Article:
When you start buying good coffee. Y’know, the fresh roasted stuff from that cool shopfront with the spinny wheel thing. You start to notice stuff like this:
And if you’re anything like I was… your first thought is, “tropical mango?! My coffee just tastes like… coffee.”
Reading coffee tasting notes is a skill. And one people pay a lot of money (or time…) to learn. So the idea of this article is to fast-track as much of the knowledge you need to understand how to decipher these tasting notes for yourself.
How to read coffee tasting notes
The first thing to understand about tasting notes is they are just notes. If you squeeze a slice of lemon into your coffee, it won’t have notes of lemon. It’s just got lemon in it.
The notes I’m about to describe are subtle, but powerful. Actually, coffee is an extremely flavorful drink. Studies have shown it to have more flavenoids than even wine, believe it or not.
The 3 types of coffee tasting note
Type #1: Analogical
This type of notes is comparing the flavor to things like fruit or chocolate of flowers. Examples might be jasmine, blueberries, lemon, dark chocolate, green apple, black tea or so on. These are considered positive tastes and are usually described on the packaging of good quality coffee beans.
Type #2: Negative flavors (bitterness, aciditiy)
This type of note is describing undesirable tastes in the coffee. Often it’s a result of a poor brew, but can also be because of poorly roasted or kept coffee beans, too. Common negative terms for coffee are sour, acidic, bitter, grassy, vegetal, salty, acrid or astringent.
Note that these flavors aren’t always bad. A light acidity might be pleasant and can be described as bright and citrusy.
Type #3: Mouthfeel
The mouthfeel of a coffee is describing its texture. This can also be the cause of the brewing process, as different brew methods result in different texture. But also is often due to the coffee beans or the roast.
Common words to describe the mouthfeel include full-bodied, thin, watery, weak, smooth, creamy, velvety or chewy. These are also tastes that can be considered negative or positive.
It’s worth remembering too that mouthfeel exists on a kind of spectrum, one that goes from full and thick to thin and weak.
Tips to improve your coffee tasting
Tip #1: Pay attention when you drink your coffee
The most important tip in this list is to start paying attention when you drink coffee. Sip it slowly. Concentrate on the taste. Try to pick out tiny details about the coffee.
Honestly, you’ll make so much progress — and feel a lot more at peace! — by just taking a couple of minutes out of your morning to enjoy the wonderful drink in front of you rather than scanning through emails from people you don’t care about.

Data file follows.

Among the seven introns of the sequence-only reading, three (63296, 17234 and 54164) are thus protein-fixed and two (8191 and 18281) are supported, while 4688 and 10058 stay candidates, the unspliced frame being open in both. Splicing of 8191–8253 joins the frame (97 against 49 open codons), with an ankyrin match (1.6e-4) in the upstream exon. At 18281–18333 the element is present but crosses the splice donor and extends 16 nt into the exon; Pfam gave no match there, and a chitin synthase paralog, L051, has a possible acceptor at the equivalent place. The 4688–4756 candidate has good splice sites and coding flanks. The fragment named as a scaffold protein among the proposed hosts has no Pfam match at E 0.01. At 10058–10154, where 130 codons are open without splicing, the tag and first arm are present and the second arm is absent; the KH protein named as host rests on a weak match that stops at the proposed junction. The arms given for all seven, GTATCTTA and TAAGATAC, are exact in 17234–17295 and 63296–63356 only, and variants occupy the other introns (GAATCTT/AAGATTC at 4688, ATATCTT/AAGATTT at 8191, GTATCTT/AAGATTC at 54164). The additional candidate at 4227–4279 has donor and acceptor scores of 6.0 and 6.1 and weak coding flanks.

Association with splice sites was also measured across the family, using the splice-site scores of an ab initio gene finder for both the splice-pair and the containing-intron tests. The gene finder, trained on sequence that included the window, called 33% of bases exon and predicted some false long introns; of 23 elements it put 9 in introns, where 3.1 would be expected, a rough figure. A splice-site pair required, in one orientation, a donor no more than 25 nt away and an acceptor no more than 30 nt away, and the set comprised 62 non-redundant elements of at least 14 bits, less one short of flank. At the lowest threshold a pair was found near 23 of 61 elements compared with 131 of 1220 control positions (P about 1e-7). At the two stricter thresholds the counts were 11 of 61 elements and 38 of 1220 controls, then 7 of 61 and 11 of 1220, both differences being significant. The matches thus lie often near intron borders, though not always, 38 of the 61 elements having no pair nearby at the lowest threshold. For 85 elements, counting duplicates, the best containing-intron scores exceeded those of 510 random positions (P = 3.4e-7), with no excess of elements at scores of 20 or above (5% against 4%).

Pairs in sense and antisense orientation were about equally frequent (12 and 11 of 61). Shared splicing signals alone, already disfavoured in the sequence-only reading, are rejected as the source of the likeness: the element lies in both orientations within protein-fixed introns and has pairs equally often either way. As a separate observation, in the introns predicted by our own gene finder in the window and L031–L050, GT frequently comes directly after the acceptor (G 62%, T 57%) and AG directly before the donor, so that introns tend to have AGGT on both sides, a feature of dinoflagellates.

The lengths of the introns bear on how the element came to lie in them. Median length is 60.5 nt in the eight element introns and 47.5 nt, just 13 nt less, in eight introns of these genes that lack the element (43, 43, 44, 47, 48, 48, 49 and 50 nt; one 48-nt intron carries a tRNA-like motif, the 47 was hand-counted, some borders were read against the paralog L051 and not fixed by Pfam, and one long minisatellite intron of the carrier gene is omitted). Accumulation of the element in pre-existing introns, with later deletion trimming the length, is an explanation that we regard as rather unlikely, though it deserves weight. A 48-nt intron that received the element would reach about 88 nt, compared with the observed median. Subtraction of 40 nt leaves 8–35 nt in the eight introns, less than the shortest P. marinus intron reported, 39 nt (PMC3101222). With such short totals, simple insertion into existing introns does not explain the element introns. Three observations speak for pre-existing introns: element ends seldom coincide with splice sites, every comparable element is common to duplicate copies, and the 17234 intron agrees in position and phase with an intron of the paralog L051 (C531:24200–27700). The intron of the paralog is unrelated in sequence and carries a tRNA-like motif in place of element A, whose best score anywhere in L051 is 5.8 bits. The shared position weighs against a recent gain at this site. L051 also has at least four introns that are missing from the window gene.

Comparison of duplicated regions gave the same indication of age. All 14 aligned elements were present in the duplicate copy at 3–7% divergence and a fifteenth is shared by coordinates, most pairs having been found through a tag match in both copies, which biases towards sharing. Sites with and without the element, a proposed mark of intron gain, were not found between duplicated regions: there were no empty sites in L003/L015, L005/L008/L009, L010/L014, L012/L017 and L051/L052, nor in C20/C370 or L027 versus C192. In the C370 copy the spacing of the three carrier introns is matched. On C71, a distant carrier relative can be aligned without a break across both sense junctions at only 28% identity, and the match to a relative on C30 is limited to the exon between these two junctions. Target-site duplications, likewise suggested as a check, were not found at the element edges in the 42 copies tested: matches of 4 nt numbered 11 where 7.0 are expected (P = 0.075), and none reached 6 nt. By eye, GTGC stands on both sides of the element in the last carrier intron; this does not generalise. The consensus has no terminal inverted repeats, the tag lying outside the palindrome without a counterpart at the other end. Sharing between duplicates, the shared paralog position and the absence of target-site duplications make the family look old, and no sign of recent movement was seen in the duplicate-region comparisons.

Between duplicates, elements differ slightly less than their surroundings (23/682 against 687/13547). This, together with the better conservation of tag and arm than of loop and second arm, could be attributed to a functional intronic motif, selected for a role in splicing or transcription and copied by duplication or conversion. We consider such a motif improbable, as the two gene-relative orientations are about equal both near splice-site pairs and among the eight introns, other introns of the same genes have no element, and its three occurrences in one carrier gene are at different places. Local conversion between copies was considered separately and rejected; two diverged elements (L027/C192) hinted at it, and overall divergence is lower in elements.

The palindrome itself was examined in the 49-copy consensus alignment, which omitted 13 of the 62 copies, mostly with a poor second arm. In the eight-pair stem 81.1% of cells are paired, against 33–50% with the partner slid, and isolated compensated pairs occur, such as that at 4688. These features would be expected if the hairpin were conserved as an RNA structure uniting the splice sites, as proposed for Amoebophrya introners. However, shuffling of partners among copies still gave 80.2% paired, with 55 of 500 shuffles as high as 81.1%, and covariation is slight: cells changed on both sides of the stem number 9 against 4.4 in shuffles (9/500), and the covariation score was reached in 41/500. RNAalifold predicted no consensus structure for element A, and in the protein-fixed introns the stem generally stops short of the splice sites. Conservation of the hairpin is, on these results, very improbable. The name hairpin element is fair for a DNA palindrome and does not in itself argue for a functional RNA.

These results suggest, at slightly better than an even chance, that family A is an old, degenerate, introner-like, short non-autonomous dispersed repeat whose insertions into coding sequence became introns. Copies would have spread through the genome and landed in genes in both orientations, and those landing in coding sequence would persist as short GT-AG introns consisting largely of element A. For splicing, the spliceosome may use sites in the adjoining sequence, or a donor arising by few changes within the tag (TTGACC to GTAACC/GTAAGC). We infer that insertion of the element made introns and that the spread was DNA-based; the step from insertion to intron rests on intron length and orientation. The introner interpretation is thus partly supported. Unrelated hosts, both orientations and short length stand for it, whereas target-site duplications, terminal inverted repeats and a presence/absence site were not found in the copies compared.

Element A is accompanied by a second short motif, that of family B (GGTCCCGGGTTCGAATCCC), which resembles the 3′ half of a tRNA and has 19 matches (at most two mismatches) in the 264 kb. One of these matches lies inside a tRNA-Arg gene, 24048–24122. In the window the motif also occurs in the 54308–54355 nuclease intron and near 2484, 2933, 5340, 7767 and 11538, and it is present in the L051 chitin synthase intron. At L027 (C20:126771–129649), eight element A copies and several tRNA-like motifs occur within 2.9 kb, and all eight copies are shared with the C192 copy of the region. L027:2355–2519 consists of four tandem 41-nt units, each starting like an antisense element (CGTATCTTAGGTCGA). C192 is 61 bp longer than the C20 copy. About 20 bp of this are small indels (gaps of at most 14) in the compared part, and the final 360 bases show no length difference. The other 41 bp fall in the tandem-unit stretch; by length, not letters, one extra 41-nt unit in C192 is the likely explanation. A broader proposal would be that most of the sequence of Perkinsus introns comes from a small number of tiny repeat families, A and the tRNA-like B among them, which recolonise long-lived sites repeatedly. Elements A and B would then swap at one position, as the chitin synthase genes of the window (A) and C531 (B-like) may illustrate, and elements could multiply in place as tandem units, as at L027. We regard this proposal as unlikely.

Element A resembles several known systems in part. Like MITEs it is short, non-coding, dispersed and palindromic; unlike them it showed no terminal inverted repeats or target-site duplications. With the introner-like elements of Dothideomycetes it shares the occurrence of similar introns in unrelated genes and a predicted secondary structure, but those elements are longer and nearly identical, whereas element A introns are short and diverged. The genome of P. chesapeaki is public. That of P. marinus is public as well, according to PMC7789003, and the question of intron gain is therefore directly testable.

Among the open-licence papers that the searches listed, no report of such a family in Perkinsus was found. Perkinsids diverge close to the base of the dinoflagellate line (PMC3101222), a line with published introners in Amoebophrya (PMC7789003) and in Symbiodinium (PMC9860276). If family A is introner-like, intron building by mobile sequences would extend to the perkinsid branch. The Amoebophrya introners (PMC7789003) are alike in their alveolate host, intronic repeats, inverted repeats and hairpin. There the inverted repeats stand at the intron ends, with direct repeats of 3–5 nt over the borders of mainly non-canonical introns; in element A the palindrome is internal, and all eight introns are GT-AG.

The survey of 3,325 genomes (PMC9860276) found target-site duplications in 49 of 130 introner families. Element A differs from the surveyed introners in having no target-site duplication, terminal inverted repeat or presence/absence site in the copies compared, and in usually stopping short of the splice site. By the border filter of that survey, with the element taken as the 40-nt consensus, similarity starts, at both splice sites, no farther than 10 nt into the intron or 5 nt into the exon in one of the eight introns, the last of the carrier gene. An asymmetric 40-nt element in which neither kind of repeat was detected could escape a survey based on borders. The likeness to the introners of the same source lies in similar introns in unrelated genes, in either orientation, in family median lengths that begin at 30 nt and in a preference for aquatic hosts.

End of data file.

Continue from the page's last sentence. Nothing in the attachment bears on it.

Tip #2: Buy fresh roasted coffee beans
To taste the amazing flavors in coffee, you need to buy and drink fresh roasted coffee beans. This article means nothing if you’re buying stale rubbish from the grocery story. As a rule of thumb, you should be aiming to brew coffee beans within 15-30 days after they’ve been roasted.
Tip #3: Read the tasting notes while you drink
When you’re sitting down with the latte you made from your Costa Rican light roast, read the tasting notes on the side of the bag. Notes of grapefruit? Have a sip, see if you can taste it. A heavy mouthfeel? Taste your coffee and see if you agree or not.
Tip #4: Drink your coffee black
You will taste the notes of the coffee so much more by drinking it black. When you add milk, cream or sugar you are masking the beautiful flavors of the coffee. Don’t know where to start? Here’s my guide on drinking coffee black.
Every single flavor and taste in coffee
Let’s look at a few of the efforts to catalogue all possible coffee tasting notes. There’s a lot here, by the way. And there are designed for proffessional cuppers… So don’t get too disheartened if you can’t taste the “papaya” and “hibiscus” in your coffee.
We’ll start with the SCAA’s coffee flavor wheel. This was made in 1995 and updated in 2016 and has been the industry standard since then. Here’s a great interactive link for you to check out. You can click on the tastes and stuff.
Here’s another one. A gorgeous little design from Counter Culture that shows a range of tasting notes along with small tables for Body and Intensifiers. Great stuff.
Example of reading coffee tasting notes
Here’s are the tasting notes for a coffee I picked up recently.
MILD ACIDITY AND SMOOTH TO THE PALATE, PERFECTLY BALANCED WITH HINTS OF CINNAMON AND CITRUS FRUIT
Now here’s what I think. Disclaimer: I am no expert.
The acidity is present and probably a little more noticeable than I’d like. The taste is sweet, almost juicy, with a soft mouthfeel. The citrus notes are definitely there too. Actually, it’s a very flavorful coffee and one where the flavor is overpowering to the point where I would not describe it as smooth.
As you can see, I’m not perfectly in agreement with the notes. Also, I didn’t think this was a particularly great coffee. But hopefully you can see how you go about reading coffee tasting notes.
I really hope this article inspires you to focus on your coffee more. It’s such a great skill. And you’ll find training yourself to recognize and appreciate different flavors will carry over to so many other things. Wine, craft beer, whiskey, gourmet food…
(Also, no one respects the person who doesn’t know the difference between cinnamon and coriander!)
And if you’re really looking to up your coffee game? Your two places to start are with fresh roast coffee (here’s why) and investing in a quality coffee grinder (check out my reviews here). Those are the two quickest tips to start brewing coffee as good as coffee shops.